Illustrated Letters in the MGHL Collections

Sometimes words aren’t always enough: This week we’re featuring a handful of illustrated letters from the MGHL collections. Playful, affectionate, and humorous, the letters reveal not only something about the writer/artist, but also the relationship between him/her and the recipient. Take a look.


Undated letter from “Frank E.” to Al Parker, inviting Parker for a visit. Perhaps the hand drawn idyllic letterhead depicts the author’s location (and is additional attempt to persuade Parker to visit). From the Al Parker Collection.

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Undated letter from artist Marvin Friedman to Al Parker, recording a day in the life of a frustrated, out of work artist. The T.V. schedule for the day has a plausible beginning –“7:00AM I Love Lucy” — but devolves into surrealism as the day wears on: “5:30 Alice Cooper Sings Polish Songs from Japan.” From the Al Parker Collection.

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1991 letter from artist Dagmar Frinta to Robert Andrew Parker and his wife Judy, with a whimsical Christmas illustration. From the Robert Andrew Parker Collection.

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Undated letter from artist Rene Farkass to Karl Kaltenthaler which accompanied an issue of Farkass’s 1980s punk comics zine The Boogins. Is the cracked skull a doodle, or an illustration of The Boogins‘s staff’s “brain damage”? The letter is written on the back of a flyer for the zine. Part of the Karl S. Kaltenthaler Comic Books & Zines Collection.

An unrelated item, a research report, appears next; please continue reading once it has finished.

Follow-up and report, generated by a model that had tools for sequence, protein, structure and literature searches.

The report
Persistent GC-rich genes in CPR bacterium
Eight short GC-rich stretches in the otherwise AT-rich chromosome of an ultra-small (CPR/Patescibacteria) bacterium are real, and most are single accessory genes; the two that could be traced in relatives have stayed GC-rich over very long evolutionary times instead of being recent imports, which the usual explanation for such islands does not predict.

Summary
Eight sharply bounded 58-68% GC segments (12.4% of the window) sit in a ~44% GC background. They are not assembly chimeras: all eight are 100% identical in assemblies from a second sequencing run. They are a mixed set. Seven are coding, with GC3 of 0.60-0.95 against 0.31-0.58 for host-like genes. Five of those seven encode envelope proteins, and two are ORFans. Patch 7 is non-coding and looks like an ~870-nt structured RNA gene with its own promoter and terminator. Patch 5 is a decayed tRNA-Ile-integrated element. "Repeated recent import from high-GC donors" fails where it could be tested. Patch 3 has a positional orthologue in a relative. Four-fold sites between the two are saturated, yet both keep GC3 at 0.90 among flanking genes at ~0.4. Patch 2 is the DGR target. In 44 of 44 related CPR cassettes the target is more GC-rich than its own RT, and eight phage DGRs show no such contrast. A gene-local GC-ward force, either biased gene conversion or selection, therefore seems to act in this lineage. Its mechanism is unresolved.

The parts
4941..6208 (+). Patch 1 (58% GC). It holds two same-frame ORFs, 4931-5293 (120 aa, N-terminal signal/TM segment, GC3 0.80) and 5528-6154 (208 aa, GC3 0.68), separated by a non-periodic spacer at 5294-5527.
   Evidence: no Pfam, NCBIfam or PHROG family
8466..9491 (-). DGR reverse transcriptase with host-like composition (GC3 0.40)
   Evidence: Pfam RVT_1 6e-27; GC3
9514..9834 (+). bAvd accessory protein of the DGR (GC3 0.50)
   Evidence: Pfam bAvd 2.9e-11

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Undated letter from the editorial staff of Good Housekeeping to Al Parker, demonstrating “what happens when a Parker layout comes to the office.” The actual text of the letter, winding around the illustration, accomodates and accompanies the image, rather than the other way around. From the Al Parker Collection.
Interested in more illustrated correspondence? Check out the following:

More Than Words: Illustrated Letters from the Smithsonian’s Archives of American Art

The Art of the Letter: What We Can Learn from Illustrated Letters in Collections by Elana Estrin

Floating Worlds: The Letters of Edward Gorey and Peter F. Neumeyer

About the author

Andrea Degener is the Visual Materials Processing Archivist in the department of Special Collections at Washington University Libraries.